Genomics

Most life forms show S pattern in chromosome lengths, guess which one doesn’t?

From “Chromosomes’ Big Picture: Similarities Found in Genomes Across Multiple Species; Platypus Still out of Place” (ScienceDaily, July 11, 2011), we learn: “Basically what this all means is that if the chromosome number of a species can be given, the relative sizes of all the chromosomes can instantly be known,” Yu said. “Also, if you Read More…

Evolution Genomics

Genome duplication and the limits of evolution

“Genome Duplication Encourages Rapid Adaptation of Plants” (ScienceDaily, May 4, 2011) While nearly all animals have two sets of chromosomes — one set inherited from the maternal parent and the other inherited from the paternal parent — many plants are polyploids, meaning they have four or more chromosome sets. “Some botanists have wondered if polyploids Read More…

Genomics

“Evolution,” we are told, “can cause a rapid reduction in genome size”

From the Max Planck Institute, we learn (April 21, 2011): Despite being closely related to the lyre-leaved rock cress, the thale cress has a considerably smaller genomeIt would appear reasonable to assume that two closely related plant species would have similar genetic blueprints. However, scientists from the Max Planck Institute for Developmental Biology in Tübingen, Read More…

Genomics Intelligent Design

Should we always say it twice?: Identical twins are not really identical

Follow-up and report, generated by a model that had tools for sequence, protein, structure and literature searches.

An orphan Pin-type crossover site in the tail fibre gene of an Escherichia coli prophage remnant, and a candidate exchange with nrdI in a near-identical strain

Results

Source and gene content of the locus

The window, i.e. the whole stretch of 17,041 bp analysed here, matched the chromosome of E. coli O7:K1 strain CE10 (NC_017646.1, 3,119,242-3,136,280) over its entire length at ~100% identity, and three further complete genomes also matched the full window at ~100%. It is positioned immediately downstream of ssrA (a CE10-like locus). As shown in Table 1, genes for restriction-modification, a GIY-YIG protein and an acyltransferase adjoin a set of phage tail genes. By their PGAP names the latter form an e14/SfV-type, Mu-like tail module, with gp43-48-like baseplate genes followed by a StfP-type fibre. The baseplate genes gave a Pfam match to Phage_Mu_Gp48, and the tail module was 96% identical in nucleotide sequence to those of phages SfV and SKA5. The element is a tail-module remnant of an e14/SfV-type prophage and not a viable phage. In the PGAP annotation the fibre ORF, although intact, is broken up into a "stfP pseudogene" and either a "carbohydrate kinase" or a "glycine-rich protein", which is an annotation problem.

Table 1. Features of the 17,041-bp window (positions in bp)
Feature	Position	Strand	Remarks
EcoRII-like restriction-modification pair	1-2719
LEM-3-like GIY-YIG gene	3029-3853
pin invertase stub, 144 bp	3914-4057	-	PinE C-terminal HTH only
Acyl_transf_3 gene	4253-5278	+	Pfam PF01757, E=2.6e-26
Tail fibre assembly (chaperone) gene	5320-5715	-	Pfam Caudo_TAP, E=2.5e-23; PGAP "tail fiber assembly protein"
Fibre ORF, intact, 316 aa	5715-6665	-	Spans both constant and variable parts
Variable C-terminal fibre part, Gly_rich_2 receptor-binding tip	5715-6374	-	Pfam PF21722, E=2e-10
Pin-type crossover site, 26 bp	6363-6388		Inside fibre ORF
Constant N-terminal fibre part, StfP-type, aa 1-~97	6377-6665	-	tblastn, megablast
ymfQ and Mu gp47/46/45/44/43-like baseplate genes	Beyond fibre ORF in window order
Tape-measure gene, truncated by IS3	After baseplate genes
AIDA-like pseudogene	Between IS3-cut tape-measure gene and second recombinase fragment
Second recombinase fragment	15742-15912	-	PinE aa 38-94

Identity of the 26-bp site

From “No Two of Us Are Alike — Even Identical Twins: Pinpointing Genetic Determinants of Schizophrenia”, (ScienceDaily, March 28, 2011) we learn Singh looked at about one million markers of identical twins (and their two parents) where only one twin had schizophrenia. “The most informative feature of schizophrenia is that it sometimes runs in the Read More…

Darwinism Genomics

Diversity driven by imprinting, not selfish gene?

In this article in The Scientist, “Imprinting Diversity”, Cristina Luiggi interviews Joachim Messing about ways in which genomic imprinting may be a strong driver of diversity: Sexual reproduction yields offspring with two copies of the same gene, one from each parent; but in an epigenetic phenomenon known as genomic imprinting, only one copy of certain Read More…

Genomics

Coffee!!: Sound of bubble bursting – getting real about genomic medicine

From ScienceDaily (Feb. 18, 2011) this news, “Promise of Genomics Research Needs a Realistic View, Experts Urge” Unrealistic expectations about genomic medicine have created a “bubble” that needs deflating before it puts the field’s long term benefits at risk, four policy experts write in the current issue of the journal Science. Ten years after the Read More…

Creationism Darwinism Evolutionary biology Genomics

Sanford’s pro-ID thesis supported by PNAS paper, read it and weep, literally

Cornell Geneticist John Sanford argued that Darwinism is wrong because the rate of genetic deterioration is so high that natural selection could not arrest it. If natural selection cannot arrest genetic deterioration, how then could it be the mechanism for evolutionary improvement? Sanford predicted through his research that human genome is deteriorating. This was a Read More…

Genomics Informatics Intelligent Design

A simple statistical test for the alleged “99% genetic identity” between humans and chimps

Typical figures published in the scientific literature for the percentage similarities between the genomes of human beings (Homo sapiens) and chimpanzees (Pan troglodytes) range from 95% to 99%. However, in press releases intended for popular consumption, evolutionary biologists frequently claim that human and chimpanzee genomes are 99% identical. Skeptics of neo-Darwinian evolution have repeatedly punctured Read More…